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Protecting Trademarks on the Internet

posted Mar 15, 2013, 7:33 AM by Ciara Sebastian

At the present time, in order to prevent use of trademarks in Internet domain names by unauthorized users, trademark owners had to resort to the usual types of remedies. The first step was generally to send a cease and desist letter demanding that the infringer quit using the trademark and hand over ownership of the domain name. If there was no response, the trademark owner could then commence an action under the Uniform Dispute Resolution Policy administered by ICANN (Internet Corporation for Assigned Names and Numbers). ICANN is the agency that manages the Internet domain name system.

Starting March 26, 2013, ICANN is launching a new Trademark Clearinghouse to help brand name owners proactively protect their trademarks as new generic Top-Level Domain Names (gTLDs) become available in mid-2013.

Generic Top-Level Domains are those part of web addresses such as .com, .net, and .org that everyone who uses the Internet is familiar with. Right now there are 20 or so gTLDs, but with the opening up of the TLD system to other names, there could literally be hundreds as more and more businesses take advantage of the new expanded gTLD naming system.

The purpose of the Clearinghouse will be to prevent the unauthorized use of registered trademarks in the second level of the new gTLDS (e.g., www.yourbrandname.gtld). It is anticipated that this new system will reduce the number of domain names created that infringe existing trademarks.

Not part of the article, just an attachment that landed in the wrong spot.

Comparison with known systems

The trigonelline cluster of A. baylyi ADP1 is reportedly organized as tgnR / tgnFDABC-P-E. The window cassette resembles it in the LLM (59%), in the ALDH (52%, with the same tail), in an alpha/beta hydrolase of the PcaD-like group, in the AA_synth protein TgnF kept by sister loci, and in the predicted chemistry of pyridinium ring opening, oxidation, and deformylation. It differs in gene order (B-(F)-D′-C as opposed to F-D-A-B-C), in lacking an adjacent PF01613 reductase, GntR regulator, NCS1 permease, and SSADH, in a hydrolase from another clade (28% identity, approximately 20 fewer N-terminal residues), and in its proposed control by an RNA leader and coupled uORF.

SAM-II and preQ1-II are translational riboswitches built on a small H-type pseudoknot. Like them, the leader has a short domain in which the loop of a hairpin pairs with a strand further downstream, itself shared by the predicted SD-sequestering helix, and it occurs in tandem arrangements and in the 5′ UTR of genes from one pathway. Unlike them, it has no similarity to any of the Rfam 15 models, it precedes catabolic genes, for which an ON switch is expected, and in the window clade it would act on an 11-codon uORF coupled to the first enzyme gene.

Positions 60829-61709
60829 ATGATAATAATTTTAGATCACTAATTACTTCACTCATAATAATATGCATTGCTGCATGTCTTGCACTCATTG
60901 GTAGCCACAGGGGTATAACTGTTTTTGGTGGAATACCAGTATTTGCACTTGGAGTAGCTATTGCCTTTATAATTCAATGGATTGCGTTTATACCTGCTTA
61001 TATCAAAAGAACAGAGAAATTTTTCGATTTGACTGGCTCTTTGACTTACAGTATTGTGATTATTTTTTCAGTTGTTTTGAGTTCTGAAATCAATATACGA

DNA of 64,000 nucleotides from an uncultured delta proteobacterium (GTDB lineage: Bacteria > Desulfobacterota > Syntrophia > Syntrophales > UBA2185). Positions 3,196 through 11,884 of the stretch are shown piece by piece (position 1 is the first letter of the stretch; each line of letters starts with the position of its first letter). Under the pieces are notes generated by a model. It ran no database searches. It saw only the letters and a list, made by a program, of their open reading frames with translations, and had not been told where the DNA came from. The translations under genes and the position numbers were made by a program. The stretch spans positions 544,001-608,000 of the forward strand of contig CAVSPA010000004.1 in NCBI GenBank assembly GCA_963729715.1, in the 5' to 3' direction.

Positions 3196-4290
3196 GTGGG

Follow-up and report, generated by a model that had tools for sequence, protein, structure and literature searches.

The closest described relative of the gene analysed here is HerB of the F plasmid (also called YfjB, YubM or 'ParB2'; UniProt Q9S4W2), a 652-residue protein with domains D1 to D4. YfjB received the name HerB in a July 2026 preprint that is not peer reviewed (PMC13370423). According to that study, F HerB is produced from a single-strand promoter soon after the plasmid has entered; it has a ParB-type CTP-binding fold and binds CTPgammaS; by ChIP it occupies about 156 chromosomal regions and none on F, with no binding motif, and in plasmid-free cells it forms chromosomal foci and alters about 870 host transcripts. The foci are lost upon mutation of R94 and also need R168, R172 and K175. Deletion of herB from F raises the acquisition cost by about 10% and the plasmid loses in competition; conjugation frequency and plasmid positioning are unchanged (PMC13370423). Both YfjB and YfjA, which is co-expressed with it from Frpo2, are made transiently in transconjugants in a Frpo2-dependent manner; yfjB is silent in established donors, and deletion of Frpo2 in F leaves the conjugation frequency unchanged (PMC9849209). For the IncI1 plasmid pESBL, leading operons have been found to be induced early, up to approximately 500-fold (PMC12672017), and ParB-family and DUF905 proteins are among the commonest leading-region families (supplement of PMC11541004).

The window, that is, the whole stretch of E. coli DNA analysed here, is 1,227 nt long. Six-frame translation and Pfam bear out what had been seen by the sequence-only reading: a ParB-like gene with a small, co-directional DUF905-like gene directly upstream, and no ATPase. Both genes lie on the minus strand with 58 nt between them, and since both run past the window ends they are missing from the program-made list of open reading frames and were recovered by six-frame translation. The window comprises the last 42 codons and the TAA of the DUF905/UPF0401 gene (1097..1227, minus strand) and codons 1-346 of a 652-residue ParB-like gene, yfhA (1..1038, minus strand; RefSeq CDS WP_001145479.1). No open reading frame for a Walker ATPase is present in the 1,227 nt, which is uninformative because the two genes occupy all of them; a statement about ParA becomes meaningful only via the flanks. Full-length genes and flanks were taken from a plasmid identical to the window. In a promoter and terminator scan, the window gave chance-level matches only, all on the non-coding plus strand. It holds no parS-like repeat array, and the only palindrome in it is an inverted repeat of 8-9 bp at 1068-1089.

In order to take advantage of the Clearinghouse, trademark owners will submit trademark data along with an annual fee. ICANN will begin accepting trademark data starting March 26, 2013. In exchange, the trademark owner will have access to two services that will assist in protecting their marks, a Sunrise Service and a Trademark Claims Service.

The Sunrise Service provides an initial period of at least 30 days before domain names are offered to the general public. This provides a safeguard against others using your registered trademark as part of a domain name before you are able to register your own website with the name.  

The Trademark Claims Service provides warnings to both trademark owners and domain name registrants that a possible infringement exists.  

Both services will greatly simplify the chore of regularly surveying for trademark infringers, which is required in order to maintain trademark rights. This is because, under the common law, failure to take prompt action against infringements can lead to the loss of trademark rights, and the finding by the courts that your mark has become generic. There are several cases of famous trademarks that became generic through lack of vigilance with respect to their unauthorized use, including such well-know names as Cellophane and Escalator.

The fees are based on a per trademark basis and are currently $150/1 year; $435/3 years; and $725/5 years, all in US dollars.

The Clearinghouse has recently published its guidelines regarding eligibility.  

For more information or to discuss the impact of this new service, feel free to contact Colin